Re: Indian in the Cupboard ad nauseum

Steve Bliss (sbliss@interaccess.com)
Wed, 31 Jan 1996 23:36:58 -0600

>Notwithstanding the provisions of section 106 [17 USCS § 106], the
>following are not infringements of copyright:
>
>(1) performance or display of a work by instructors or pupils in the
>course of face-to-face teaching activities of a nonprofit educational
>institution, in a classroom or similar place devoted to instruction,
unless, >in the case of a motion picture or other audiovisual work, the
performance, >or the display of individual images, is given by means of a
copy that was not >lawfully made under this title [17 USCS §§ 101
et seq.], and that >the person responsible for the performance knew or had
reason to believe
>was not lawfully made;
>
>
Thanks to Stan for quoting the relevant portion of the Copyright Act. I
think you will agree that the above can interpreted pretty broadly, with
language such as "similar place devoted to instruction" etc. I would not
suggest that librarians or teachers are looking to skirt the law; far from
it--most I have met go out of their way to abide by it, even to the point of
restricting all video purchases to those with pp rights explicitly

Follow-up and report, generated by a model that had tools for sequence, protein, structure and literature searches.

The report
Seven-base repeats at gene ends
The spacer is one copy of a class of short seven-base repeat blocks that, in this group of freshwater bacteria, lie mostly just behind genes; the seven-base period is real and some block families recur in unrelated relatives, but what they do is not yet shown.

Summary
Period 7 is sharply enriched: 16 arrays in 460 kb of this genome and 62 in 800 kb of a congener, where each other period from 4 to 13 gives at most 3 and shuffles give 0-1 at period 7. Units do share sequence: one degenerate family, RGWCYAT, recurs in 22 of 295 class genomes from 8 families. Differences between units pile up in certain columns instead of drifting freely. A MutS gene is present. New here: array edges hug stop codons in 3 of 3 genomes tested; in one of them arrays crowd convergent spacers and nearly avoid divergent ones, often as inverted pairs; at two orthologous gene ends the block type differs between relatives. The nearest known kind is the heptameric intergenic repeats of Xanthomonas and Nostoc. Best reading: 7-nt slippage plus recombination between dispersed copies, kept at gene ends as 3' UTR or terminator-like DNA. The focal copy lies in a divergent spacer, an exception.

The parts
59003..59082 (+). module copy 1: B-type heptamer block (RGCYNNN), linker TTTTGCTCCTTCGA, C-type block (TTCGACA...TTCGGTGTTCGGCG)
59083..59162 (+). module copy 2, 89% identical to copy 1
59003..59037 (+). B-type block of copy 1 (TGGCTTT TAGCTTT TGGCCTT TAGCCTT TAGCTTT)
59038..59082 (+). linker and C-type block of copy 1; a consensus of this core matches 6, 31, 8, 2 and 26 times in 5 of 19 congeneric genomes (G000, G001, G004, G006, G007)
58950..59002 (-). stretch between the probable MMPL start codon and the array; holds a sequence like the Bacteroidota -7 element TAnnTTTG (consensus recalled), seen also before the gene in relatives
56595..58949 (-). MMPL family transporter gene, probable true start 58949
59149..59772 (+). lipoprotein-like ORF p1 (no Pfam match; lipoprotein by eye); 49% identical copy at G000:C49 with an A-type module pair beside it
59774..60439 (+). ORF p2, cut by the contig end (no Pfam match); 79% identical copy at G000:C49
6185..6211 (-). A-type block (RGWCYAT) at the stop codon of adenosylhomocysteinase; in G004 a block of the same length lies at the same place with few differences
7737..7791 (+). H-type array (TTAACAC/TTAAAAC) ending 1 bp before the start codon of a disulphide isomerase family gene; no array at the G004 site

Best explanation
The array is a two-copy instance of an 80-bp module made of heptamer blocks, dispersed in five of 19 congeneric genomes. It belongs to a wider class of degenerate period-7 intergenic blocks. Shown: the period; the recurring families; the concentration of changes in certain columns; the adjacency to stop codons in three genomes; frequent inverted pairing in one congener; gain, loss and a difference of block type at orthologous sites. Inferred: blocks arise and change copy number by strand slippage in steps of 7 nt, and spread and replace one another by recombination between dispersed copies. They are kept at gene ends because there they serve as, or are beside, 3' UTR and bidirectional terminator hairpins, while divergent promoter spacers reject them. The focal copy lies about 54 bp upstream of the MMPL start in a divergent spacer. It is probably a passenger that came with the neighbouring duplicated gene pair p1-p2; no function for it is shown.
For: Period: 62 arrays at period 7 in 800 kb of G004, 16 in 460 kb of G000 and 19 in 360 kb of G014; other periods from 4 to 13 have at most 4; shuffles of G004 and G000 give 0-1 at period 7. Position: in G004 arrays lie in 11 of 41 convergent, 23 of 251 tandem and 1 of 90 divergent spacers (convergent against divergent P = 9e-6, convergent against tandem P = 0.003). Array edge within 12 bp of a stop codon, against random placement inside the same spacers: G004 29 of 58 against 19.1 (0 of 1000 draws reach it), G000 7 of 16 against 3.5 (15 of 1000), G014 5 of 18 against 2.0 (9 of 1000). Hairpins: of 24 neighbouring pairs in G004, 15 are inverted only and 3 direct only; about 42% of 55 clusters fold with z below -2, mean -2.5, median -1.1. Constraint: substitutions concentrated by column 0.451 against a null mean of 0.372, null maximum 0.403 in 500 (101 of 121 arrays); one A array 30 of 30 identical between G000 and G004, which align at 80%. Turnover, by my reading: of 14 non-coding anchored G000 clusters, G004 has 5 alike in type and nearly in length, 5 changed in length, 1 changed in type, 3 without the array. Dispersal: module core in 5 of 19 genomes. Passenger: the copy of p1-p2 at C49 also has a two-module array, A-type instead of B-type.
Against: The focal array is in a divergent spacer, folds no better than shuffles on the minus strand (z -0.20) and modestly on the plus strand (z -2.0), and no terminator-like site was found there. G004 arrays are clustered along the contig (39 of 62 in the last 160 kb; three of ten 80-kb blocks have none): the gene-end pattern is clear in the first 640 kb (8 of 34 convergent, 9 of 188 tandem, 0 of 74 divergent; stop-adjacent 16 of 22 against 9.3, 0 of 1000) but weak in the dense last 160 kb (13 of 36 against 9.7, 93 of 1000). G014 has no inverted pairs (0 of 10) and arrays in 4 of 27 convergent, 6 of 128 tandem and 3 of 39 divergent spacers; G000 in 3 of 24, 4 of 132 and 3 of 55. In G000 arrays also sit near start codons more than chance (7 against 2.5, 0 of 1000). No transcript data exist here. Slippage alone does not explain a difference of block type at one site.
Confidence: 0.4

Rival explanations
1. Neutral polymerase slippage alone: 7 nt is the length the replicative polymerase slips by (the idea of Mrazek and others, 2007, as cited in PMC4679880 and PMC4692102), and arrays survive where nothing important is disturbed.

conferred. Who is going to make the judgement call on whether a particular
use is "instruction" or "entertainment?" The reality is, probably nobody, as
the MPAA is far less interested in busting schools or libraries than
establishments such as bars, restaurants, hotels and, yes, day care centers,
who are in fact benefitting commercially from the use of these products. I'm
not trying to get anyone in trouble, but I think it's possible to be spooked
into being too careful and, as Kristine noted, deny your patrons materials
to which they have a perfectly legal right.

****************************************************
Steve Bliss 800-826-3456 x385
Public Media Home Video 312-878-8406 (fax)
5547 N. Ravenswood Avenue sbliss@interaccess.com
Chicago, IL 60640 blissman1@aol.com